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The state of river dolphin conservation

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The state of river dolphin conservation

At Whale and Dolphin Conservation, we partner with conservationists and communities fighting to save river dolphins in their home countries. One of these collaborations is with WWF, with whom we’re working with to save river dolphin species and populations around the world. With all species either critically endangered or endangered, and the baiji (or Yangtze River dolphin) already driven to extinction as a result of human activities, we are at the forefront of river dolphin conservation and will continue to fight for a future for these magnificent beings before it's too late.

River dolphins live only in some rivers of Asia and South America and they need increased protection and better habitat connectivity (the ability to move from place to place with ease).


You can help save these magnificent beings from extinction

WWF Rivers Initiative carried out an assessment of the threats and management of river dolphin sites in Asia and South America. The assessment was completed by site managers for 40 sites across two continents, Asia and South America, in 10 of the 14 river dolphin range countries: Bangladesh, Bolivia, Cambodia, China, Colombia, Indonesia, Myanmar, Nepal, Pakistan, and Peru.

Botos leaping in the Amazon river
Botos share their resources and habitats with millions of people and are suffering the consequences.

As we thought

The survey backed up what we knew - that threats to river dolphin survival are fairly similar on both continents, although sites in Asia reported over three times the level of threat than those in South America. Fishing activities are seen as the major threat, along with the impacts of climate change. Sites in Asia reported the emergence of new pressures, including industrial pollution and the impacts of deforestation and land-use change. In Asia not only are the threats to river dolphin survival higher, but the river dolphin populations are significantly smaller than in South America, meaning finding ways to protect them is a massive challenge. Worryingly, all countries predicted an increase in the intensity of threats, and population trends suggest some clear hotspots, with the Irrawaddy dolphin of India and South East Asia particularly at risk.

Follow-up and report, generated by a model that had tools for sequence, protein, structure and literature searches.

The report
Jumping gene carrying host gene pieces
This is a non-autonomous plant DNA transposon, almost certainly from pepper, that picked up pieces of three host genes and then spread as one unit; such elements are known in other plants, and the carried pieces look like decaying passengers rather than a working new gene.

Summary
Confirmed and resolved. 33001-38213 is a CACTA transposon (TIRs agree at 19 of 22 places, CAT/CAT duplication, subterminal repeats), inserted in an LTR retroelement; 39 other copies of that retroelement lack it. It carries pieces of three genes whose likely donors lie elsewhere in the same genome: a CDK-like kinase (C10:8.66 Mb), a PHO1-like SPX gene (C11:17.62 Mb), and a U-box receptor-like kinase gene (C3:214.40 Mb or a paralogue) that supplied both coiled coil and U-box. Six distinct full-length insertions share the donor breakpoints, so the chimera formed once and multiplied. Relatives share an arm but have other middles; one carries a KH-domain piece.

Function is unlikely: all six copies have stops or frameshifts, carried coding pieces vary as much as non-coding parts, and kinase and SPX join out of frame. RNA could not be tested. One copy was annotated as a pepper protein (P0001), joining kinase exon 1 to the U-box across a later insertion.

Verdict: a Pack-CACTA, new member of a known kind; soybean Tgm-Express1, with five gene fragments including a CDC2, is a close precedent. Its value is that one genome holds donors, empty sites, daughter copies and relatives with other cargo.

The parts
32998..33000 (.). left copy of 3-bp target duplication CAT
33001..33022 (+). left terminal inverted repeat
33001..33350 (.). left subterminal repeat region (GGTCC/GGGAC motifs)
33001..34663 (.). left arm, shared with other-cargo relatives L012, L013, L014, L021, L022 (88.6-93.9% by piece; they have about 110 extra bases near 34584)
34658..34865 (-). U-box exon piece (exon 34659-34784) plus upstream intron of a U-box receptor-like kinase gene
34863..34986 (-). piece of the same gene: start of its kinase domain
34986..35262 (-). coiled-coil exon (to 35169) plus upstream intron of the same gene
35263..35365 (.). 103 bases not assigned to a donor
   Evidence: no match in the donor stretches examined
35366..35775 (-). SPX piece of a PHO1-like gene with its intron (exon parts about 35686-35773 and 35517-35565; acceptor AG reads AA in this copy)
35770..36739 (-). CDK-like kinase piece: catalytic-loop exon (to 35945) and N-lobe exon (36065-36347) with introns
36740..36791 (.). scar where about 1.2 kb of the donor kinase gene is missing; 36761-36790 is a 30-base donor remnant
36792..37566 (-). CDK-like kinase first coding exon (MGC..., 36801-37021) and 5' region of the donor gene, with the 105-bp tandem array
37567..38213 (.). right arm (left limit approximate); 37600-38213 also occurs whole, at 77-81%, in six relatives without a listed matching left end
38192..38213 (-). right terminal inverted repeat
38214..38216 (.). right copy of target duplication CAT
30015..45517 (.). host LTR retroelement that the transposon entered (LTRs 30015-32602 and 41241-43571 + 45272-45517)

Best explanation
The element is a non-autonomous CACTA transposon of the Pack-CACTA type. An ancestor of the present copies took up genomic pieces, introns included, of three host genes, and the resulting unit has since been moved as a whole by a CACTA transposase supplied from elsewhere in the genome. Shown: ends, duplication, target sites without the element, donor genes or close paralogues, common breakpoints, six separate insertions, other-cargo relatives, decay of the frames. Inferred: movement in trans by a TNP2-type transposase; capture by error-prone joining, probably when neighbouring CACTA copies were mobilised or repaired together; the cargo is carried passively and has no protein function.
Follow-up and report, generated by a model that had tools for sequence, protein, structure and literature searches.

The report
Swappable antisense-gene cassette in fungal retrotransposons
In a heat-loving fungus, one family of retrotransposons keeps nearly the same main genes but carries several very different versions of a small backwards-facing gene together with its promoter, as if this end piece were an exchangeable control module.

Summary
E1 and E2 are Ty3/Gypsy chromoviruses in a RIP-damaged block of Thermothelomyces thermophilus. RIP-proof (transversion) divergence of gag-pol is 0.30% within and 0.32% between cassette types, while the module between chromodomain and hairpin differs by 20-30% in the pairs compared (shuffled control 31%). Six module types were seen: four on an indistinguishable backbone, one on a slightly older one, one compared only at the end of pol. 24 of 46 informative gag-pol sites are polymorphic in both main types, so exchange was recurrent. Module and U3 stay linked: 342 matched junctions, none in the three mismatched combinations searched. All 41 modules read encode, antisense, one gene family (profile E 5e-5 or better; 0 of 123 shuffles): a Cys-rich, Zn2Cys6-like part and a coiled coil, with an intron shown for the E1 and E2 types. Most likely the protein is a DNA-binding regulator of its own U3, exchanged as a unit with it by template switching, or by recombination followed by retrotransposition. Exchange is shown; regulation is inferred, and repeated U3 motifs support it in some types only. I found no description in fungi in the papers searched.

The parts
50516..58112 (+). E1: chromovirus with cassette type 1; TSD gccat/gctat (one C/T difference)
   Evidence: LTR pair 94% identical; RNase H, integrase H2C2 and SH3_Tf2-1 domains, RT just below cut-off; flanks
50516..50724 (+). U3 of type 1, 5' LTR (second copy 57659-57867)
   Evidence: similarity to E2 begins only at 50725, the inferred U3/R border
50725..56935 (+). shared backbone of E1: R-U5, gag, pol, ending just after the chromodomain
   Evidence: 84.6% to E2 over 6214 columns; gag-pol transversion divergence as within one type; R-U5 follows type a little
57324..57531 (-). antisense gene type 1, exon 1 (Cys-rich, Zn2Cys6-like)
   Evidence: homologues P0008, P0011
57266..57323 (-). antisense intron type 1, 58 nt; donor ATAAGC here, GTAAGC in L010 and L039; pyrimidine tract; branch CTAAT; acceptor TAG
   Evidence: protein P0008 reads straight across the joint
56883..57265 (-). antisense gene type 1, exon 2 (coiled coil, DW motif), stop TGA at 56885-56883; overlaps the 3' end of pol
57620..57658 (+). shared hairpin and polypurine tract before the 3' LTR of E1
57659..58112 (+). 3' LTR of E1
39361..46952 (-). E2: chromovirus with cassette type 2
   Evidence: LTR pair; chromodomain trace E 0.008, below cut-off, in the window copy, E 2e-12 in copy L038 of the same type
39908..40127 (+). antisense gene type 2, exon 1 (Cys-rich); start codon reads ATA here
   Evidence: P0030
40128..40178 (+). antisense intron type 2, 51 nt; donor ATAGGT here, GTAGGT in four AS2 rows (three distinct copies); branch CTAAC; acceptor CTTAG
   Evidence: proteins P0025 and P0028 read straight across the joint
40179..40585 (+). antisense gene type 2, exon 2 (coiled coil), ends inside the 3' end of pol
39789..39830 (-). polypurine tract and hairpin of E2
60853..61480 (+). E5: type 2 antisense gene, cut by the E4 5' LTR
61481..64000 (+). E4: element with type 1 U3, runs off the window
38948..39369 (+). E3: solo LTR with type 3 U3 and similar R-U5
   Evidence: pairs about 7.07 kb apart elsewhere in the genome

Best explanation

Irrawaddy dolphin
The Irrawaddy dolphin is critically endangered and needs better protection.

Education is key

WDC has supported projects across both Asia and South America over several decades, working with local organisations and communities to reduce the threats to river dolphins to ensure they survive and hopefully, one day, thrive. We currently support three conservation projects in Colombia, Bolivia, and Peru that educate members of the community on the value of river dolphins, with the hope that their commitment to protecting them will grow once they understand their importance in maintaining the fish populations that they rely on.

We won't stop

Projects like these, and protected areas, are crucial for the long-term survival of threatened species and the assessment highlights once again that there is a lot more to be done. We will continue to work collaboratively to protect river dolphin individuals, populations and species – and the human populations who live alongside them – into the future. We’ve been proud to support some significant progress in river dolphin conservation but there is still a long way to go to bring these iconic dolphins back from the brink of extinction.

Amazon river dolphin spyhopping
We will continue to work with amazing people to save river dolphins.

Please help us today with a donation

If you are able to help, every gift, whether large or small, will help better protect these magnificent beings.